More Than 100 Stories is a commission led by artists Sarah Butler and Nicole Mollet that explores and creatively maps the Creative People and Places programme.

Lego and stars: thinking about what matters – A visit to Ideas Test


On 8th Feb, Ideas Test kindly invited me to join their reflection day in their new offices at Number 34 Sittingbourne High Street – a creative space with a welcoming public shop front and upstairs office and workshop space.

Led by Tom Andrews from People United, the day brought the whole Ideas Test team together to reflect on the programme so far; to talk about what has worked and what hasn’t; to think about the ‘intangibles’ as Tom put it – about what got people ‘right here’ – putting his hand to his chest as he spoke.

Lego model

This was my first CPP visit since Nicole and I selected the ten themes we are going to work with for More Than 100 Stories, so I have tried to link my thoughts from the day to specific themes...

People: Tom led a brilliant exercise with his children’s Lego figures where we were asked to create ourselves – selecting bodies, legs, heads, hair and accoutrements – and to think about what our superpower was in the context of Ideas Test. It was a fun and brilliant way to give members of the team insights about each other. It was noticeable how many of the figures had multiple heads – to show that their job involved looking in all directions, seeing different points of view; or to show how one person might have a mix of different roles. I particularly enjoyed people’s descriptions of their superpowers: connecting; communicating; watching over; being curious; making peace.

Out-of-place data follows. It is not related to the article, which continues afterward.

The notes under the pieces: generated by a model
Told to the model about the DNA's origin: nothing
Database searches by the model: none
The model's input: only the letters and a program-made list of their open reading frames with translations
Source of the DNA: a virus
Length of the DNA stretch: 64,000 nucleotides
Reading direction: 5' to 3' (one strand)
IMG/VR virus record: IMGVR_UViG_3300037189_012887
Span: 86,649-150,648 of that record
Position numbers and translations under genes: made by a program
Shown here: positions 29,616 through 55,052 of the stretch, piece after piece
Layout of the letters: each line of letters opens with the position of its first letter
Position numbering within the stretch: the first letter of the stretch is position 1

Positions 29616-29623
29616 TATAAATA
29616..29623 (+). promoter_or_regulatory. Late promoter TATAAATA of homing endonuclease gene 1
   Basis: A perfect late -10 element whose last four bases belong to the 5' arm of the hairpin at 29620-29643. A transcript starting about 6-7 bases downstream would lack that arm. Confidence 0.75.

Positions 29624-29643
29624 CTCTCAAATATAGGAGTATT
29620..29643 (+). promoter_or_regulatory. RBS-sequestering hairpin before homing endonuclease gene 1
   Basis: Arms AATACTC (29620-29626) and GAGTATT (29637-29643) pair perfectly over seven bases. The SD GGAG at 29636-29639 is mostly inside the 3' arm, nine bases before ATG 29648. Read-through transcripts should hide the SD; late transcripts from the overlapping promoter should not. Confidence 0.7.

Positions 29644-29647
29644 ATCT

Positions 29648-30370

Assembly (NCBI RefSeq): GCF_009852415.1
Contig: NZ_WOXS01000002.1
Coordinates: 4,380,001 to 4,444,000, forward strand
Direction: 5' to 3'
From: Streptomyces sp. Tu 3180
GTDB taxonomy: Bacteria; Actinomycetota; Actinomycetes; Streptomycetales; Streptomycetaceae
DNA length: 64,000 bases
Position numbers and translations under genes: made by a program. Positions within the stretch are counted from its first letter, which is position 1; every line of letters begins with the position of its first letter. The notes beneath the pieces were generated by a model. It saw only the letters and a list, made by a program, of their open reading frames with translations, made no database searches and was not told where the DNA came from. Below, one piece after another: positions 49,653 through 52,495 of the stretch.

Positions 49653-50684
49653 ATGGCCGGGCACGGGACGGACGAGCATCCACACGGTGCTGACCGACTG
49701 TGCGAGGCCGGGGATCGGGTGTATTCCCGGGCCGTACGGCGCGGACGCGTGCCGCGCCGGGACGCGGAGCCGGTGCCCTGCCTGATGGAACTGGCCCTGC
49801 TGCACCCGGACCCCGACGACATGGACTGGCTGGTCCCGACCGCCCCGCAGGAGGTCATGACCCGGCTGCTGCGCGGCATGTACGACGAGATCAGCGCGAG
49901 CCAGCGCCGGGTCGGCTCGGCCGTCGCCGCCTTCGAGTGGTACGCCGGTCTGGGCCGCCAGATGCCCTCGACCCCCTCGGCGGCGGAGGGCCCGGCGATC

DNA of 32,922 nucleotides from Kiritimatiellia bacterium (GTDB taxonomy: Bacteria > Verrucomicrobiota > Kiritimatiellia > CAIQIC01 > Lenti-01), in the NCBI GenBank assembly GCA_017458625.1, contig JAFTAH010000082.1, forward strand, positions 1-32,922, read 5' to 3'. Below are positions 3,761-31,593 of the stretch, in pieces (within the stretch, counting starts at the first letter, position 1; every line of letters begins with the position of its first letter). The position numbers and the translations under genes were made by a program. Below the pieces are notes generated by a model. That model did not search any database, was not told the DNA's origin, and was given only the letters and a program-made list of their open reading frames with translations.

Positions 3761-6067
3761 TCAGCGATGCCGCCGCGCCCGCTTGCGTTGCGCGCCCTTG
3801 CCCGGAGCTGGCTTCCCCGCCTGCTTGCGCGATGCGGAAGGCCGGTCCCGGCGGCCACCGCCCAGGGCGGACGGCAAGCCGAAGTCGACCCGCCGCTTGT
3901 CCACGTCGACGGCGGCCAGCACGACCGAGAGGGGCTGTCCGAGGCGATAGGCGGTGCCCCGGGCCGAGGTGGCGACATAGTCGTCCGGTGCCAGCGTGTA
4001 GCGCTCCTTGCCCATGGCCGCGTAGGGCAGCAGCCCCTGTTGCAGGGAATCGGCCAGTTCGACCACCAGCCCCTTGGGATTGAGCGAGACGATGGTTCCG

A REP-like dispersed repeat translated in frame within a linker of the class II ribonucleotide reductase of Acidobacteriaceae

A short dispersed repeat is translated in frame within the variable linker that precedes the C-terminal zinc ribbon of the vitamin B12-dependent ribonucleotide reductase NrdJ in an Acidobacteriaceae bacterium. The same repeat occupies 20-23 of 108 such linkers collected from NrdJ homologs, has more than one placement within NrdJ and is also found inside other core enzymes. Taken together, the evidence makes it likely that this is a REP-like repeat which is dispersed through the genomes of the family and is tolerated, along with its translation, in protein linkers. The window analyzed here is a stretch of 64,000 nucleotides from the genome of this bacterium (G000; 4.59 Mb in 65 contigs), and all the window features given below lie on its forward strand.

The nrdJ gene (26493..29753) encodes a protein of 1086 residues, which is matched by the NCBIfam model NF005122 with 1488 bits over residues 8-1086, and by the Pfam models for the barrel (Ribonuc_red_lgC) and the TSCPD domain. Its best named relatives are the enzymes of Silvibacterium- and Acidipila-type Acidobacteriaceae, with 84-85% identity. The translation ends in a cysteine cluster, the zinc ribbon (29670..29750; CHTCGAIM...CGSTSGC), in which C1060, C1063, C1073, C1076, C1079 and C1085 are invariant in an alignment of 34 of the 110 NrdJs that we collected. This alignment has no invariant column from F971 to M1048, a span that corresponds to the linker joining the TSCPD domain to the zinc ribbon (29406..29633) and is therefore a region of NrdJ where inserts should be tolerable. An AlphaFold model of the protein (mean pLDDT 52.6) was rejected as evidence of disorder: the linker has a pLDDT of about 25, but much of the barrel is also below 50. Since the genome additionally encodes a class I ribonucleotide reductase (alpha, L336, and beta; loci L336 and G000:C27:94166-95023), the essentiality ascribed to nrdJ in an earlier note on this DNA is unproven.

Local: There was a lot of talk about the importance and value of ‘being there’. Of staff being together, at days like this one, able to bring their ideas and issues to the table and gain a greater understanding of each other’s work – something particularly challenging on a day to day basis with many staff part time and some working from different bases. Of staff being at local events – going to see the work they have commissioned, building those relationships, being present. And of Ideas Test being on the High Street – visible, tangible, present. There was discussion of the challenges of that – the difficult conversations with local people – and the opportunities it creates to embed the organisation in the local community.

Language: There was debate about the often frustrating disconnect between the messages Ideas Test puts out (for instance about the funding and design of their new premises) and the beliefs and understanding of local communities. What is said is not always heard. What is said is not always what is heard. What feel like clear messages can end up distorted. Common understanding is difficult to achieve.

I finished my visit with a walk along the coast. It is a landscape I’m unfamiliar with and I was struck by its sometimes bleak beauty – the mist hanging over the water; the sun glinting off the mud flats; the sense of space and light. Quite different from my bike trip across the north of England  last autumn. It reminded me, again, how ‘local’ each CPP project is, how they must dig into the specifics of their place to make art and arts experiences that truly connect.